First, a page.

Beijing sees official American contact with Taiwan as encouragement to make the island’s decades-old de facto independence permanent, a step US leaders say they don’t support. Pelosi, head of one of three branches of the US government, would be the highest-ranking elected American official to visit Taiwan since then-Speaker Newt Gingrich in 1997.
“What I can say is this: This is very much precedent in the sense that previous speakers have visited Taiwan, many members of Congress go to Taiwan, including this year,” Secretary of State Antony Blinken said. “And so, if the speaker does decide to visit and China tries to create some kind of crisis or otherwise escalate tensions, that would be entirely on Beijing.”
Kirby stressed that US policy was unchanged toward Taiwan. This means support for its self-ruling government, recognizing Chinese sovereignty, and opposing either a full independence bid by Taiwan or a forceful takeover by China.
“Nothing has changed,” he said. “There’s certainly no reason for this to come to blows.”
Still, US officials have signalled that the military would be prepared to respond if needed in the event of any action by China in response to any possible stop in Taiwan by Pelosi.
The navy aircraft carrier USS Ronald Reagan and its strike group were in the Philippine Sea on Monday, according to the officials who spoke on condition of anonymity to discuss military operations.
The Reagan, the USS Antietam, a cruiser, and the USS Higgins, a destroyer, left Singapore after a port visit and moved north, heading to their home port in Japan. The carrier has an array of aircraft, including F/A-18 fighter jets and helicopters, on board as well as sophisticated radar systems and other weapons.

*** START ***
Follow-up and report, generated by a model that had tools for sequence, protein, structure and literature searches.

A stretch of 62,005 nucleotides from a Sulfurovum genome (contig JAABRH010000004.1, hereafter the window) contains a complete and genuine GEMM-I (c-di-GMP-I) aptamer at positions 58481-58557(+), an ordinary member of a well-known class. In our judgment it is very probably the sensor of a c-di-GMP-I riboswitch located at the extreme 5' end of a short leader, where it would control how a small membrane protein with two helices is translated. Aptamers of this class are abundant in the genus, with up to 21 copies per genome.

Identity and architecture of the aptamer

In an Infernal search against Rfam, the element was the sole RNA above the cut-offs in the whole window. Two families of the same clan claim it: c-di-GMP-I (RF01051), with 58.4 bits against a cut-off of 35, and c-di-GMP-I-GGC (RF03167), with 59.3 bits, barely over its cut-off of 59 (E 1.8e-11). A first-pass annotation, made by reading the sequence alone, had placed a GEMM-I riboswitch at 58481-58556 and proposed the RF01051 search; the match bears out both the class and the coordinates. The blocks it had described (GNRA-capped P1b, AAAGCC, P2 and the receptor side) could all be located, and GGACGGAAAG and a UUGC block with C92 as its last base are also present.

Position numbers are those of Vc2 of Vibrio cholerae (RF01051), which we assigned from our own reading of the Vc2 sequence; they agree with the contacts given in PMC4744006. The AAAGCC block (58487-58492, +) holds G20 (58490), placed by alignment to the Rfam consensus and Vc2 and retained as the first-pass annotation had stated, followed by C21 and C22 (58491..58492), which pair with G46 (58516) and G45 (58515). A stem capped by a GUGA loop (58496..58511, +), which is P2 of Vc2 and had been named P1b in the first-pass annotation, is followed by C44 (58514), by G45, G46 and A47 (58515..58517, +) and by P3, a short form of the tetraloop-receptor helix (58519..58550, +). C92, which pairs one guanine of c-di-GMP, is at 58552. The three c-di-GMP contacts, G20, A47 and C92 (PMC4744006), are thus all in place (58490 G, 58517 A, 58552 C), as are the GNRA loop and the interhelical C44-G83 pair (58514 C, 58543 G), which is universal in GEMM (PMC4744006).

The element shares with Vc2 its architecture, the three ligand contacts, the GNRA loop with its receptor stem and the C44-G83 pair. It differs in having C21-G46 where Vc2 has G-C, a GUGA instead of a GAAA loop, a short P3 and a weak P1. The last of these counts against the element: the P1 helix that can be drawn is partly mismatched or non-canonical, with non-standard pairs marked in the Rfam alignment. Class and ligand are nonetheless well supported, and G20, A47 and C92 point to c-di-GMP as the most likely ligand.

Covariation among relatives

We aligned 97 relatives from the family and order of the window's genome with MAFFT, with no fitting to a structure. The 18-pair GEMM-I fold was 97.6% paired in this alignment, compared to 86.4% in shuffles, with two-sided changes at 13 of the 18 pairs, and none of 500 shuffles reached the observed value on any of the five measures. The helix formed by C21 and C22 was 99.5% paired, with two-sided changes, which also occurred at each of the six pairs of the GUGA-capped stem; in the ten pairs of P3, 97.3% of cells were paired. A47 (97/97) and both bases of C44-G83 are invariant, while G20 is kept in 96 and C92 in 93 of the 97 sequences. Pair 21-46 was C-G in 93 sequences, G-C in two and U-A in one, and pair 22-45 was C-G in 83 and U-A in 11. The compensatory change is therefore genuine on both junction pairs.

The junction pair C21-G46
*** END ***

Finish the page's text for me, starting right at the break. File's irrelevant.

First stop in SingaporeOn Monday, Pelosi met with Singaporean Prime Minister Lee Hsien Loong, President Halimah Yacob and other Cabinet members.
Singapore’s foreign ministry said Lee welcomed a US commitment to strong engagement with the region, and the two sides discussed ways to deepen US economic involvement through initiatives such as the Indo-Pacific Economic Framework.
Lee and Pelosi also discussed the war in Ukraine, tensions surrounding Taiwan and mainland China, and climate change, the ministry said in a statement. Lee “highlighted the importance of stable US-China relations for regional peace and security”, it added, in an apparent allusion to reports of Pelosi’s visit to Taiwan.
Pelosi has said she is visiting Singapore, Malaysia, South Korea and Japan in a tour to discuss trade, the Covid-19 pandemic, climate change, security and “democratic governance”.
Pelosi is to meet on Thursday with South Korean National Assembly Speaker Kim Jin Pyo in Seoul for talks on security in the Indo-Pacific region, economic cooperation and the climate crisis, Kim’s office said in a statement.
It declined to provide further details about Pelosi’s itinerary, including when she is arriving in South Korea and how long she’ll stay. Pelosi’s schedule for Wednesday remains unclear and there were no details on when she will head to Japan.
(FRANCE 24 with AP and AFP)